Different types of hardwood and softwood for furniture are accessible in the market. Each one has a different set of characteristics in terms of color, density, grain, and finishing. It is risky to choose the right wood for furniture as it provides you to regulate the exact price of your unit. To make furniture, you can use any type of wood, but not all woods are made equal. That’s why you need to choose it carefully. Here is the detailed information of wood in the account of the various aspects of wood including types of woods, comparison between hardwood and softwood, qualities of wood, and so on.
Hardness: All the hardwoods may not be so hard, similarly all the softwoods are not soft. Both are botanical ones- hardwoods are flowering trees and softwoods are conifers. Hardwoods are more valuable than softwoods because the wood is rarer. A more applied way to recognize wood is by its grain and color.
Woodgrain and color: The grain of each wood is determined by the cell structure of a tree. Hardwoods have tubular cells called vessels that are observable as pores in the wood. The texture of the wood is slightly rough, or open if the cells are large and are smooth if the cells are small; these woods, labeled as close-grained, don’t require filling.
During each year’s growing season, all trees have annual growth rings, made up of the cells formed. The types and arrangement of the cells fix how the wood looks. There are woods with cowed and with clearly distinct grains; there are straight grains, stripes, swirls, waves or curls, ripples, eyes, and mottled effects.
Common Furniture Woods
Ash (white ash)
Ash is a tough hardwood known mainly for its excellent twisting skills; it’s used for bentwood’s and for bent furniture parts demanding extreme strength. Ash veneers are also common. Ash differs in color from smooth white or gray with a light brown cast to a dark reddish-brown. The price is reasonable.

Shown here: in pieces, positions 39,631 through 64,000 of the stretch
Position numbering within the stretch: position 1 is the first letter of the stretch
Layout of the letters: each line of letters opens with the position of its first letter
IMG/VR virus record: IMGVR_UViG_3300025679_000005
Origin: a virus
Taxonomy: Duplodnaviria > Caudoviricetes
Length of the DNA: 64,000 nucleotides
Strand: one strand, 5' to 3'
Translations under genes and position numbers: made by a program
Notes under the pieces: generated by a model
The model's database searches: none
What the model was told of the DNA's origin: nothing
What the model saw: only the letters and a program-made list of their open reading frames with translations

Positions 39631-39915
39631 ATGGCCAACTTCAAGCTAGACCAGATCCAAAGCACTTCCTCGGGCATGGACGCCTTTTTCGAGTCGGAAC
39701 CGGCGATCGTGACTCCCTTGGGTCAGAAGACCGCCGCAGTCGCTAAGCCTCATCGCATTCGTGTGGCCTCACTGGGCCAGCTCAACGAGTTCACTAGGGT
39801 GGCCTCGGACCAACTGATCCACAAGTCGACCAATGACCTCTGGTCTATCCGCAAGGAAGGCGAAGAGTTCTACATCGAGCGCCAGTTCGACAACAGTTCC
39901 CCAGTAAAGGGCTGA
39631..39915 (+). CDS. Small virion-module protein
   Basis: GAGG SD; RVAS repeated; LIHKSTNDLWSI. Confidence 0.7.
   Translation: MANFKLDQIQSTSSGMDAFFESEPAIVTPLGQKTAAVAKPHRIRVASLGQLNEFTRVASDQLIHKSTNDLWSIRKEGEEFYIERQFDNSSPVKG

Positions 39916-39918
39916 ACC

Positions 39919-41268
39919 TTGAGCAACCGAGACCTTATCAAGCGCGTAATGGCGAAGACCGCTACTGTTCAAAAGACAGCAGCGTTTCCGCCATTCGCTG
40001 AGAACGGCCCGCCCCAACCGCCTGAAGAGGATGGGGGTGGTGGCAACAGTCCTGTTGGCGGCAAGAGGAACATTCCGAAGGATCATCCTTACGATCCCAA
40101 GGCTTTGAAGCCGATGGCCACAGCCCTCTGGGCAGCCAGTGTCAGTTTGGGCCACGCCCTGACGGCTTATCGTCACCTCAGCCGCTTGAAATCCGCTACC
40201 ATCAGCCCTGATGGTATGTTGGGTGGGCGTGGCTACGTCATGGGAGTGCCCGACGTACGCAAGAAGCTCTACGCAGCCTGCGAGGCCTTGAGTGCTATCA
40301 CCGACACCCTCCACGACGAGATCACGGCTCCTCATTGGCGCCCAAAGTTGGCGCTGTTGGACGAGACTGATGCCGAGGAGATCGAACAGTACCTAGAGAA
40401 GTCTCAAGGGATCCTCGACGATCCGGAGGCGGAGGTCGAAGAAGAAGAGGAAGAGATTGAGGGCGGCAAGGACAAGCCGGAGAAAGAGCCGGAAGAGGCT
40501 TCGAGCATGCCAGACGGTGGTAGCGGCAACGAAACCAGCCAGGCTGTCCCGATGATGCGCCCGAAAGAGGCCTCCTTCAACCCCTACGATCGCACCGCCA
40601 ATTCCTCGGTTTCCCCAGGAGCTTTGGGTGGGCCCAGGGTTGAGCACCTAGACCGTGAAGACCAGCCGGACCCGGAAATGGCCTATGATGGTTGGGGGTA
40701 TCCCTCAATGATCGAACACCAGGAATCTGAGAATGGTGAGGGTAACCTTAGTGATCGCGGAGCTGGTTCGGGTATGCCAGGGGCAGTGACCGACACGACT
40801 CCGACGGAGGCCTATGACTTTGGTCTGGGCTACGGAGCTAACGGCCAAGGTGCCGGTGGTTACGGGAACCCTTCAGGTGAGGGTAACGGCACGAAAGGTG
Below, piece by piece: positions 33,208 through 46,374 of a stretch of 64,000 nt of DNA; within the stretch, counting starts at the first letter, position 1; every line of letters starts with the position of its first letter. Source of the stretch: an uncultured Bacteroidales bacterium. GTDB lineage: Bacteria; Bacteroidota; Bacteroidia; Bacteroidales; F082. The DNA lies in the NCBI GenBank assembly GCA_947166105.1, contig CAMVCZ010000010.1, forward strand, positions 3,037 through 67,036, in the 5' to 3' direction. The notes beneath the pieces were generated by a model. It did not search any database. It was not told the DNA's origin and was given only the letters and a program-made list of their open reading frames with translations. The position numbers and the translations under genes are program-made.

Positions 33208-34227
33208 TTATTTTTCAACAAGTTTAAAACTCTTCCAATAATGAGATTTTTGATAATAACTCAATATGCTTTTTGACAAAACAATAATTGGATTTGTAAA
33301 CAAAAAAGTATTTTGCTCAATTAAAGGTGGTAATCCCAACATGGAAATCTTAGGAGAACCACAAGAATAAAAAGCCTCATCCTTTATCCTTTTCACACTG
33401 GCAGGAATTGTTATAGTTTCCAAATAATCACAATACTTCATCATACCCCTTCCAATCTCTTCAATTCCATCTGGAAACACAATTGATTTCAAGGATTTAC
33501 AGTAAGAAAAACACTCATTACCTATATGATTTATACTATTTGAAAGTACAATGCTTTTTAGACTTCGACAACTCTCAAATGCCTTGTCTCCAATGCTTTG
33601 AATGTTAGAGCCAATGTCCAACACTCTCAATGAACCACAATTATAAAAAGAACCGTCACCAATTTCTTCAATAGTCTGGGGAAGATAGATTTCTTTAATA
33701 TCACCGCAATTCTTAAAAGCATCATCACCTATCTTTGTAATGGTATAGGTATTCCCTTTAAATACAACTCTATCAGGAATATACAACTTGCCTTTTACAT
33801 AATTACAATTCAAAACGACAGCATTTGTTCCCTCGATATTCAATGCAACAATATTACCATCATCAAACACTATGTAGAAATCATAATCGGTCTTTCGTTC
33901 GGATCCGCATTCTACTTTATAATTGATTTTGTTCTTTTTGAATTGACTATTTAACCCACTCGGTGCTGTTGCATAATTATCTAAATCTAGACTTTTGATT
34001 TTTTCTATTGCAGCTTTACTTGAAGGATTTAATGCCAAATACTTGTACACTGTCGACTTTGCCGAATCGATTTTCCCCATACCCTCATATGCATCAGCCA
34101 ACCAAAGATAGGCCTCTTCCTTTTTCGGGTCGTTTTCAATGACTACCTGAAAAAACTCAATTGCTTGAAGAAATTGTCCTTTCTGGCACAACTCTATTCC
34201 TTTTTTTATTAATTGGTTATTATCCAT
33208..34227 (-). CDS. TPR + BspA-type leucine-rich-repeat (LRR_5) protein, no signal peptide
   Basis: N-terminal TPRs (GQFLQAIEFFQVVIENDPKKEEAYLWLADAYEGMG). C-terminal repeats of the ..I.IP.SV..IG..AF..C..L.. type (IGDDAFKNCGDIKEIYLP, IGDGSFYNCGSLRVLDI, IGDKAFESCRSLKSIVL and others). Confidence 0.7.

Basswood is a mutual hardwood, often used in a blend with rare woods such as walnut and mahogany. Their color will differ from creamy brown or reddish, with broad rays and sometimes slightly darker lines. The grain is straight and even. Basswood is close-grained, with very minor pores. It is low-priced.
Beech is not attractive as ash but it can bend easily. Moreover, Beech is used with more expensive woods mainly in unremarkable places — chair and table legs, drawer bottoms, sides and backs of cabinets. It is cheap.
Mahogany is a traditional wood used for fine furniture. It’s also used extensively in veneers. Mahogany differs in color from medium brown to deep red-brown and dark red; the grain is very characteristic and good-looking. It is very expensive.
Satinwood has always been valued for fine hardwood veneers and also for use in attractive inlays and patterns. Its color fluctuates from bright golden yellow to a darker yellowish brown, with a very characteristic and striking stippled or ribbon-striped pattern. It is very classy.
Walnut is the most demandable wood used for fine furniture. It is chocolate brown in color; its grain is very prominent and gorgeous. It is very expensive.
This guide will help you to choose the Best Wood for Your Furniture and also know about how to choose the best wood for your furniture.